Keywords: Integrated Physiology-Macronutrient Metabolism and Food Intake
      PubDate: 2017-10-23T12:00:32-07:00
      DOI: 10.2337/dbi17-0021
      Issue No: Vol. 66, No. 11 (2017)
       
  • Area IV Knockout Reveals How Pdx1 Is Regulated in Postnatal {beta}-Cell
           Development
    • Authors: Cox; A. R.; Kushner, J. A.
      Pages: 2738 - 2740
      Keywords: Islet Biology-Beta Cell-Development and Postnatal Growth
      PubDate: 2017-10-23T12:00:32-07:00
      DOI: 10.2337/dbi17-0036
      Issue No: Vol. 66, No. 11 (2017)
       
  • Give GWAS a Chance
    • Authors: Meyre D.
      Pages: 2741 - 2742
      Keywords: Genetics-Type 2 Diabetes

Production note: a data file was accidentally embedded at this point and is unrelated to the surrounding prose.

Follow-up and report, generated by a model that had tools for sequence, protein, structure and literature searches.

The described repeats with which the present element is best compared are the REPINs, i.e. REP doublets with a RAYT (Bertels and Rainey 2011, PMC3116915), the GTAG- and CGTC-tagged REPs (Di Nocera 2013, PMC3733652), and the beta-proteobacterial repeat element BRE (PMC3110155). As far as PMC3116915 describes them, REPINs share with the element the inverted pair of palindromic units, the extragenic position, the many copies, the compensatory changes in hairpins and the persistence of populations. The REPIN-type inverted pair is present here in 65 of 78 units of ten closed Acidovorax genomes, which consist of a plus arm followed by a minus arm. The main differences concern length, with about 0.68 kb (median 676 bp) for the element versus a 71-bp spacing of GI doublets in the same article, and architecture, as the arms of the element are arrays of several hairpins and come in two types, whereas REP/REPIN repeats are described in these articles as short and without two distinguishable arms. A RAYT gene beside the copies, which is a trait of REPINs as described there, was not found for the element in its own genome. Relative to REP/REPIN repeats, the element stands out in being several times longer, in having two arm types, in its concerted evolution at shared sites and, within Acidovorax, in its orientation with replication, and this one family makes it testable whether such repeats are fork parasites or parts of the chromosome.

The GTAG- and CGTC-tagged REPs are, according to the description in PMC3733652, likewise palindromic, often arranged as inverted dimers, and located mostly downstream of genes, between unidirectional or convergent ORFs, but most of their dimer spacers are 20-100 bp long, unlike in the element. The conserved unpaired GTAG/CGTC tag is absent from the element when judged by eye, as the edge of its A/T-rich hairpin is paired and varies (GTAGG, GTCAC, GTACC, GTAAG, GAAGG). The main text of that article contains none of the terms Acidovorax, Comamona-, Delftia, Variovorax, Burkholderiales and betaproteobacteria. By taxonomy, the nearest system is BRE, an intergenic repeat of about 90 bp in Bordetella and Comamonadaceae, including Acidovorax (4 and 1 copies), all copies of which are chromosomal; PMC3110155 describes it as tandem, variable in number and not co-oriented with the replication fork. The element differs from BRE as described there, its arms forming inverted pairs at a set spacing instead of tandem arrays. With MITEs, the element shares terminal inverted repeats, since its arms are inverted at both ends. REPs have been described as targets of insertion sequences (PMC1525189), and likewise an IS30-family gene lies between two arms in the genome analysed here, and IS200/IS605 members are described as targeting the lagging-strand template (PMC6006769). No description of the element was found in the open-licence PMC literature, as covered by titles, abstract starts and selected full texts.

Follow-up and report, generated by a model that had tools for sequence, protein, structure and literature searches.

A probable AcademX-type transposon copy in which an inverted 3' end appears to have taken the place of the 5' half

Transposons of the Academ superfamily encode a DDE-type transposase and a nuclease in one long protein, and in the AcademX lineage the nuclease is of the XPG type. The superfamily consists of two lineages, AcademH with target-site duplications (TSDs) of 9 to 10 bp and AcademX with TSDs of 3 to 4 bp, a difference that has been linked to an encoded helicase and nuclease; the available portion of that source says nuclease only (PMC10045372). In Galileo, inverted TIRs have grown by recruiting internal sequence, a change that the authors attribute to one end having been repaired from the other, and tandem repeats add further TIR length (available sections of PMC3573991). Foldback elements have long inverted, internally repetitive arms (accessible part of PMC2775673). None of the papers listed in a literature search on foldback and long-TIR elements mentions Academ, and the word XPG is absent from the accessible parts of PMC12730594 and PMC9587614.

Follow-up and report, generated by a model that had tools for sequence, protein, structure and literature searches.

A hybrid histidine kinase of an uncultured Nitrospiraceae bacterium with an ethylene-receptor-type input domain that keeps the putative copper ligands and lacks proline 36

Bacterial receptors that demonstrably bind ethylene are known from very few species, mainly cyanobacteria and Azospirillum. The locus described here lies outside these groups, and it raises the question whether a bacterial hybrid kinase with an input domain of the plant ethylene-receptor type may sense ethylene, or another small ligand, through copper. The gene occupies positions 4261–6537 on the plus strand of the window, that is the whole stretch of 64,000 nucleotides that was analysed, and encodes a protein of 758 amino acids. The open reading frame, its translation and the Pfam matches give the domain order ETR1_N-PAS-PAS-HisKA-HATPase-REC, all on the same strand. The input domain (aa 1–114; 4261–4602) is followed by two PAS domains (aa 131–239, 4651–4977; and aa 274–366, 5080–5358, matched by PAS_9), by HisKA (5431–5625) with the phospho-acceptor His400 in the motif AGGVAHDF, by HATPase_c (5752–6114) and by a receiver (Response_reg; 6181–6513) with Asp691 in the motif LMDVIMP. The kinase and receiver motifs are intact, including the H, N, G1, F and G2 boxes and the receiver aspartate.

PubDate: 2017-10-23T12:00:32-07:00
      DOI: 10.2337/dbi17-0026
      Issue No: Vol. 66, No. 11 (2017)
       
  • Fatty Acid Metabolic Remodeling During Type 2 Diabetes Remission After
           Bariatric Surgery
    • Authors: Grenier-Larouche; T.; Carreau, A.-M.; Geloën, A.; Frisch, F.; Biertho, L.; Marceau, S.; Lebel, S.; Hould, F.-S.; Richard, D.; Tchernof, A.; Carpentier, A. C.
      Pages: 2743 - 2755